IN COLD BLOOD / CAPOTE Blu-ray Reviews

     February 19, 2009

Written by Andre Dellamorte

Perry Smith and Richard Hickcock were two ex-cons who hear about a score. A farmer with a couple thousand in his personal safe. The two head out to the Clutter home, killed the entire family and their crime horrified the neighborhood. Later the two were caught, and after a lengthy appeal process were executed. But if the story wasn’t picked up on by Truman Capote, it’d be the sort of thing that would remain a part of Holcomb, Kansas history, but not be world famous.

But Truman Capote took an interest, and in doing so created a new form of the novel, the True Crime non-fiction novel. In his way, we wouldn’t have shows like Unsolved Mysteries, or the entire section of book stores. Such is the impact of the book, which was a huge success.

Richard Brooks filmed the book in 1967, and it’s a fairly straightforward, but somewhat dated take on the material. The dating is not too unfortunate, but the dreams of Smith (Robert Blake) play a bit cheesy. Regardless, the film is effective, and Blake gives a nuanced performance that gains different weight after his later travails with the law. The film mostly follows their exodus, and the time they’re on the run from the cops post-killings. Once in jail, Richard Hickcock (Scott Wilson) is more okay with what’s going on, while Perry regrets his mistake, and doesn’t want to die. But Perry is sensitive, a anspirin junkie with bad legs, who feels the weight of his faults.

It’s a sturdy adaptation, and Brooks has fun with his transitions. But what makes the film so memorable is the cinematography by Conrad Hall. The anamorphic (2.35:1) black and white photography is breathtaking throughout, and Hall elevates the thriller to a level of genius. The Blu-ray transfer is the best home video presentation, and the image sings now. The film comes in 5.1 TrueHD, but the soundtrack can only be so boosted. Extras are non-existent.

Capote is then the fleshed out version of Capote’s involvement. Where the film and book have the author’s voice throughout, Bennett Miller’s film shows how Capote was involved in the case. Phillip Seymour Hoffman plays the diminutive Capote, and the film basically starts with the killing, and Truman finding out about it. He heads to Kansas with Harper Lee (Catherine Keener) to follow the case. He makes friends with sheriff Alvin Dewey (Chris Cooper) and his wife (Amy Ryan), and follows from that side of things until the two men are caught. When Capote sees Perry (Clifton Collins Jr.) something passes.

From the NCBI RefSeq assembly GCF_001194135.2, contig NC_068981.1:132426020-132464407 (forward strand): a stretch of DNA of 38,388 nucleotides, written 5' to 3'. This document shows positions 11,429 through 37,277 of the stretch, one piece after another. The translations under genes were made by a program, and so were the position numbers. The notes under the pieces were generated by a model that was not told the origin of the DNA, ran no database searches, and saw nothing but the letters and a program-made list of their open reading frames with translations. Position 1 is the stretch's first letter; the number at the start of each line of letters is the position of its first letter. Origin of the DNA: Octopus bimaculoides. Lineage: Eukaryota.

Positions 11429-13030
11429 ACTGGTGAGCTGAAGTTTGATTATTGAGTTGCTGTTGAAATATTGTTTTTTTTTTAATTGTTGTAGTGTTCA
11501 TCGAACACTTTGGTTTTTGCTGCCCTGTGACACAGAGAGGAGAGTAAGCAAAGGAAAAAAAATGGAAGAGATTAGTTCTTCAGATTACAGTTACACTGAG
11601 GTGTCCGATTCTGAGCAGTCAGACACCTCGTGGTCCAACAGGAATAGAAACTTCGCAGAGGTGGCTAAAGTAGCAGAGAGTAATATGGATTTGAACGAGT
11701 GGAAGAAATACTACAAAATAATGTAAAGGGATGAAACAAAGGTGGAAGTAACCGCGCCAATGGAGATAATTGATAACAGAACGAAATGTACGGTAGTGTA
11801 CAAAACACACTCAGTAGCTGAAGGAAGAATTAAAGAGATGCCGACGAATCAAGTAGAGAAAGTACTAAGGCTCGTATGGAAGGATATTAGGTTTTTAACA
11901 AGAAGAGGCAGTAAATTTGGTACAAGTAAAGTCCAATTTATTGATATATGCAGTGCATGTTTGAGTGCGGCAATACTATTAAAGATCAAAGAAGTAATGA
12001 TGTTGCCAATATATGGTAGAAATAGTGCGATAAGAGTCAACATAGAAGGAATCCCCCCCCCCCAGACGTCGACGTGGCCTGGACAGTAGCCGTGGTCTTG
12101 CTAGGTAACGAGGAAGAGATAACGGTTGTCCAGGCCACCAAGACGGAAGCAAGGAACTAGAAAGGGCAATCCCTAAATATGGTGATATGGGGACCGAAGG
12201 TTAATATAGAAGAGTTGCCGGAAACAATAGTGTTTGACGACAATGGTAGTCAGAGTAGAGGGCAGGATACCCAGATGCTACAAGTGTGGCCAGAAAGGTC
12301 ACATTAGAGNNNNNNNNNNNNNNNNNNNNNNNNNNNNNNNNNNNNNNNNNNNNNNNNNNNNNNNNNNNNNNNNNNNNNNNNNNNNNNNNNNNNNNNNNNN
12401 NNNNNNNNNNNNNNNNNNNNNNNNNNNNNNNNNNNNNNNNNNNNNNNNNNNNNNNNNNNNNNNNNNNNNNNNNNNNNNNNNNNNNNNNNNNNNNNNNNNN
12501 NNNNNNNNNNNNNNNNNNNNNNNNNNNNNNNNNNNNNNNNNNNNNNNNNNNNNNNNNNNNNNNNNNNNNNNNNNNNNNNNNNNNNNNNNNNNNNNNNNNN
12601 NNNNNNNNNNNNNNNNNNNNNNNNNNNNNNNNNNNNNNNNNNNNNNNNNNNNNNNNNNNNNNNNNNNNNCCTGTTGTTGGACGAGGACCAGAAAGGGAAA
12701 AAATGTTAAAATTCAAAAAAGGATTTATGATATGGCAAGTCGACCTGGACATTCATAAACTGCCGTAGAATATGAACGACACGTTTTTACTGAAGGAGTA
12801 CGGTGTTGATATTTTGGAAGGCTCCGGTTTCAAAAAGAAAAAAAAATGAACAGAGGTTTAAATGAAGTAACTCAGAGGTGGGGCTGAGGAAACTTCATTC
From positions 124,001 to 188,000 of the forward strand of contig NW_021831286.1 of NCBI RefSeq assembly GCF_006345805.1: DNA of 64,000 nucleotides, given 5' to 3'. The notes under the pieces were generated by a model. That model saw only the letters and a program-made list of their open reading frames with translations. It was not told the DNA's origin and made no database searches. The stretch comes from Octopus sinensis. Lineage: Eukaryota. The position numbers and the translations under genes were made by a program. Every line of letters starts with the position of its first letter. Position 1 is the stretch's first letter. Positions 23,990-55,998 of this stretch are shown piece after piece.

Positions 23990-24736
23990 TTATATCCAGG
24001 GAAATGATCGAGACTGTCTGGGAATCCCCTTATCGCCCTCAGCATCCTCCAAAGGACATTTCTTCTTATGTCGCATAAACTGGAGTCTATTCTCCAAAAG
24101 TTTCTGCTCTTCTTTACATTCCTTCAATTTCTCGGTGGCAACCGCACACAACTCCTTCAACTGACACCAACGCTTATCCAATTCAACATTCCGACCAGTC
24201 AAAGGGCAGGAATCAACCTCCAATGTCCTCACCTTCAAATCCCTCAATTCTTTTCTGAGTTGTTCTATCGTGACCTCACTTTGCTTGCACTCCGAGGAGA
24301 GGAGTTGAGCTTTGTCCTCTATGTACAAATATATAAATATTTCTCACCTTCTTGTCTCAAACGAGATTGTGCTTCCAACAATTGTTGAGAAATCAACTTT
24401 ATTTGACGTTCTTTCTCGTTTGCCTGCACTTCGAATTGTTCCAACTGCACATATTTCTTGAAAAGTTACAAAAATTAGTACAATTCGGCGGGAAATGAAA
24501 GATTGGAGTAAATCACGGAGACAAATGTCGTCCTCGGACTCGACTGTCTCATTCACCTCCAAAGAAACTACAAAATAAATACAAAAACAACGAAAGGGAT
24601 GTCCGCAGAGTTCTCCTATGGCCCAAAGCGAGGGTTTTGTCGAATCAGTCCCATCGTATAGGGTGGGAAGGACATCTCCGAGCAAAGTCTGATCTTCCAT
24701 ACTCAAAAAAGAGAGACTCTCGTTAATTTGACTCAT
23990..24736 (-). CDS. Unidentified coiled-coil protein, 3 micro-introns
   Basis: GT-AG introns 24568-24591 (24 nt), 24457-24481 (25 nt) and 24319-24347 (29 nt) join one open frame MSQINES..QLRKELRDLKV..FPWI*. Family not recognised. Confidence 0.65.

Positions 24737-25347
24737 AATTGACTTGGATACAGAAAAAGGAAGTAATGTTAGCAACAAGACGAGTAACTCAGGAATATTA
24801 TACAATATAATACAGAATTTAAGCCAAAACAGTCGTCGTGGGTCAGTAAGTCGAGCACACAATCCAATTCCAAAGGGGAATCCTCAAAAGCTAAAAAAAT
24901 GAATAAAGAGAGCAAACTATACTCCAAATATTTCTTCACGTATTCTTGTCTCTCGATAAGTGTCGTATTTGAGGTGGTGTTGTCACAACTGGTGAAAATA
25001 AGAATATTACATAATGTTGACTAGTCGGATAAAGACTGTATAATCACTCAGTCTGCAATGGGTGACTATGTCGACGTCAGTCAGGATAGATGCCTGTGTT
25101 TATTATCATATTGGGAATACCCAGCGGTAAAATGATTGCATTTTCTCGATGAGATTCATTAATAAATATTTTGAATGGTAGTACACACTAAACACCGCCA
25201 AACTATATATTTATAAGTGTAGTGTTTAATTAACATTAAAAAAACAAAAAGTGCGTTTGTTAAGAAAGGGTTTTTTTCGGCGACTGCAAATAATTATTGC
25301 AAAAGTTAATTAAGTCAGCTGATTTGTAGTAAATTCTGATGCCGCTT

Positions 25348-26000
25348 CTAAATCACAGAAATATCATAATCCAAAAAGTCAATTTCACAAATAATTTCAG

Capote can’t finish his book until the trials and possible execution are over, and so he teases out his relationship with Perry. Truman says he’s partly attracted to him because he sees himself in him. But his relationship with Perry is also very manipulative, and he seems to pull the strings to help expand and contract their stay of execution. A self-absorbed ass, Capote alienates Lee, and has a mixed relationship with his lover Jack Dunphy (Bruce Greenwood). But the end of Perry gives him his ending. It’s a twisted way to get the ending he says he’s waiting for.

Capote and Infamous were scheduled to come out around the same time, but when Hoffman’s Oscar steam kept building, Infamous disappeared, and was barely released. Alas, I like Douglas McGrath’s version of what went wrong with Capote post-In cold Blood more than Miller’s manipulative and destroyed version of the man. Maybe because Capote seems so drawn from In Cold Blood, that it’s got something of a Dead Men Don’t Wear Plaid quality. Regardless, Phillip Seymoru Hoffman is one of the great actors of his generation and watching him fall into Capote – even though you never buy the resemblance – he gets the character, and creates the narrative for himself. Working with Keener, the two have great chemistry, and he can handle a close up. Him working with either Cooper or Collins Jr., those scenes sing, but I don’t like the final conclusion (that Capote sold his soul), nor the attitude towards Capote. Who do you trust more, George Plimpton or Gerald Clarke? The film works on its own terms, but it has the seriousness of an Oscar picture.

The film is also presented in widescreen (2.35:1) and in Dolby Digital 5.1 true HD. The film also comes with a commentary by director Bennett Miller and Hoffman, and then a second with Miller and DP Adam Kimmel, and the first is definitely fun to listen to. The disc also comes with a two part Making of (35 min.) and a Truman Capote-specific “Answered Prayers” (7 min.). The main bonus – in its way – is In Cold Blood, but what a bonus.

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